Michael Da­ley tipped to suc­ceed Luke Fo­ley as NSW La­bor leader

The Guardian Australia - - News - Michael Mc­Gowan

The deputy leader, Michael Da­ley, is widely ex­pected to re­place Luke Fo­ley as New South Wales op­po­si­tion leader. Fo­ley re­signed on Thurs­day af­ter­noon fol­low­ing de­tailed al­le­ga­tions by an ABC jour­nal­ist that he touched her in­ap­pro­pri­ately. Fo­ley de­nies the al­le­ga­tions.

ABC jour­nal­ist Ash­leigh Raper came for­ward on Thurs­day with al­le­ga­tions Fo­ley put his hands in­side her un­der­pants at a Christ­mas func­tion in 2016 and re­neged on a prom­ise to re­sign over the en­counter. The state­ment came sev­eral weeks after a Lib­eral MP used par­lia­men­tary priv­i­lege to ac­cuse Fo­ley of ha­rass­ing the the­nun­named jour­nal­ist, ac­cu­sa­tions Fo­ley swiftly de­nied.

Fo­ley again de­nied the al­le­ga­tions when an­nounc­ing his res­ig­na­tion on Thurs­day af­ter­noon and said he would be tak­ing le­gal ac­tion over the al­le­ga­tions. The ABC has said it will not make fur­ther com­ment.

Ear­lier on Thurs­day one shadow min­is­ter told Guardian Aus­tralia Fo­ley’s po­si­tion was clearly “un­sus­tain­able” and that “he will have lost all sup­port”.

On Thurs­day af­ter­noon La­bor back­bencher and Blue Moun­tains MP Tr­ish Doyle, pub­licly called for Fo­ley to re­sign, say­ing she would call a spill of the party’s lead­er­ship if he did not go will­ingly.

Polling has in­di­cated that NSW La­bor is neck-and-neck with the govern­ment in the lead-up to the state elec­tion next March.

Who­ever takes on the role of op­po­si­tion leader will be charged with sal­vaging the party’s hopes of re­turn­ing to govern­ment after eight years in op­po­si­tion.

In pre­vi­ous lead­er­ship rum­blings, other touted lead­er­ship as­pi­rants have in­cluded shadow min­is­ters Jodi McKay, Ryan Park and Chris Minns.

But on Thurs­day Da­ley im­me­di­ately emerged as the most likely can­di­date.

He was Fo­ley’s main ri­val fol­low­ing the res­ig­na­tion of for­mer La­bor leader John Robert­son in 2014, and is seen as hav­ing the ex­pe­ri­ence to lead the party.

“He’s rock solid,” one MP said of Da­ley on Thurs­day.

An­other de­scribed him as “a steady pair of hands”. “He’s very good, very steady. He’s a good thinker [and] has the ex­pe­ri­ence,” the MP said.

A stal­wart of the party’s usu­ally dom­i­nant right fac­tion, Da­ley en­tered par­lia­ment in 2005 in the seat of Maroubra, in Syd­ney’s south. The elec­torate was pre­vi­ously held by the for­mer pre­mier Bob Carr.

Cur­rently the shadow plan­ning min­is­ter and deputy leader, he’s also served as a for­mer roads and po­lice min­is­ter be­fore La­bor lost govern­ment.

Be­fore en­ter­ing pol­i­tics he served on Rand­wick coun­cil for more than a decade, and worked as a cus­toms of­fi­cial be­fore prac­tis­ing as a cor­po­rate lawyer for NRMA in­sur­ance.

A grad­u­ate of Mar­cellin Col­lege, a Catholic school in Rand­wick, Da­ley shares Fo­ley’s Ir­ish Catholic back­ground. He’s de­scribed him­self as pro­choice, but faced crit­i­cism in 2013 for vot­ing in favour of the con­tro­ver­sial Zoe’s Law bill that would have granted the le­gal sta­tus of “per­son­hood” to un­born chil­dren in NSW.

“If I thought this was a bill that did pit the rights of an un­born child against the rights of the mother, I would not be sup­port­ing the bill,” he said at the time.

“But rather, I see this as a bill that pits the rights of an un­born child against the ac­tions of an al­leged or po­ten­tial wrong­doer.”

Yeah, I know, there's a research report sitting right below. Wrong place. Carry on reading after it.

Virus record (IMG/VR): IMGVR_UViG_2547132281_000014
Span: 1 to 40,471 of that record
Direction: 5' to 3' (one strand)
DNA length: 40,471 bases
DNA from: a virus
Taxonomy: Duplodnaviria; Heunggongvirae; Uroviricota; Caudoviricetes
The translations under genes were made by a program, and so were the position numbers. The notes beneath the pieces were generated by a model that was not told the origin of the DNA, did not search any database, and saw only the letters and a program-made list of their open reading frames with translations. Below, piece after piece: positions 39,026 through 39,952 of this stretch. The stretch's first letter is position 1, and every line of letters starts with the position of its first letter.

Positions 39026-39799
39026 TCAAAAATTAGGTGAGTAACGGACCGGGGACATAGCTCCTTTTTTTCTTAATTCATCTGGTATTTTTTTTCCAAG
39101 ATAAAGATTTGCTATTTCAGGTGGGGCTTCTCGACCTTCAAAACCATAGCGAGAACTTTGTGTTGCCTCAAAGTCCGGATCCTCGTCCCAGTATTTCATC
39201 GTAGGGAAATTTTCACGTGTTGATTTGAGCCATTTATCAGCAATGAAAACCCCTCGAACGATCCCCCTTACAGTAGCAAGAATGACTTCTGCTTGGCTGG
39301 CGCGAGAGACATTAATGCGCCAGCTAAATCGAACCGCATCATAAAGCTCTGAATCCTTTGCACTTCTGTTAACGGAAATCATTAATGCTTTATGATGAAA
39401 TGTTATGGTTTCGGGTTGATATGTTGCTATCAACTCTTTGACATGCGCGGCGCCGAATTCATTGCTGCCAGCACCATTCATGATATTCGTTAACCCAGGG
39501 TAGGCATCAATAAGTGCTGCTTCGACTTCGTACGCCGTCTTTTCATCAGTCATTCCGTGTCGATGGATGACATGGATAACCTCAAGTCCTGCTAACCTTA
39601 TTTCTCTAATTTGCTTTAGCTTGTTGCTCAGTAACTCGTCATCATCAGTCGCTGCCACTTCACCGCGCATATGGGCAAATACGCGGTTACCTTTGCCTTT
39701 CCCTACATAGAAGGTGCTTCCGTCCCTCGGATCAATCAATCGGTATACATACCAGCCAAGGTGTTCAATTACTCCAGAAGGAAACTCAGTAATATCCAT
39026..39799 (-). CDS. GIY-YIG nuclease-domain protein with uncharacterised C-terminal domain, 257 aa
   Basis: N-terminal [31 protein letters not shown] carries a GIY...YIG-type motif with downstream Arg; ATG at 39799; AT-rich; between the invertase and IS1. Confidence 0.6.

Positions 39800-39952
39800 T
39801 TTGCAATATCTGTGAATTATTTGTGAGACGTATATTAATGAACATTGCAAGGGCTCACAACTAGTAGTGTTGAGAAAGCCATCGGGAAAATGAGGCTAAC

Dur­ing his time in par­lia­ment, he has had sev­eral brushes with con­tro­versy.

In 2012 he was re­moved from the par­lia­ment after he was ac­cused of be­ing drunk while de­bat­ing a bill in the early hours of the morn­ing.

After sev­eral warn­ings, the sergeant of arms was called in to phys­i­cally re­move Da­ley after he chal­lenged the Speaker, Shelley Han­cock, to eject him from the cham­ber.

He later apol­o­gised to Han­cock and ad­mit­ted to “hav­ing a cou­ple of drinks” but de­nied be­ing drunk.

Video of the in­ci­dent cap­tured the for­mer pre­mier Barry O’Far­rell call­ing out to the op­po­si­tion to pro­vide a sober speaker for the de­bate.

“Dis­grace­ful. Can you find a sober speaker on that side?” O’Far­rell could be heard say­ing.

Asked again about the in­ci­dent last month, Da­ley told Fair­fax he “had a few drinks [that night] but I was not af­fected by al­co­hol”.

“The im­por­tant thing is I learned a valu­able les­son: since that day, when­ever par­lia­ment is sit­ting, I do not drink,” he said. “If the Lib­er­als want to con­tinue to smear me with that al­le­ga­tion, good luck to them”.

In Au­gust last year he had his driver’s li­cence sus­pended after he was caught driv­ing at nearly dou­ble the speed limit.

Da­ley was driv­ing at 78km/h on the Eastern Dis­trib­u­tor in Syd­ney after 11pm but said he did not no­tice signs show­ing a vari­able speed of 40km/h was in force be­cause of road­works.

He was also crit­i­cised by mem­bers of his party last Au­gust when the Daily Tele­graph re­ported that he had re­ferred to a for­mer La­bor up­per house mem­ber as a “cunt” just be­fore he died at the age of 87.

The Tele­graph re­ported Da­ley used the term to re­fer to John “Johno” John­son, who served in the NSW up­per house for 25 years, just be­fore John­son’s death.

“I did use colour­ful language,” Da­ley told the Tele­graph at the time. “I then apol­o­gised to a fe­male col­league for the use of that language. It is no se­cret within the La­bor party that Mr John­son and I were far from friends. He is de­ceased now and out of re­spect for his fam­ily, I will not be mak­ing any fur­ther com­ment.”

The deputy NSW op­po­si­tion leader, Michael Da­ley, mem­ber for Strath­field Jodi McKay and op­po­si­tion leader Luke Fo­ley on Thurs­day.Pho­to­graph: Joel Car­rett/AAP

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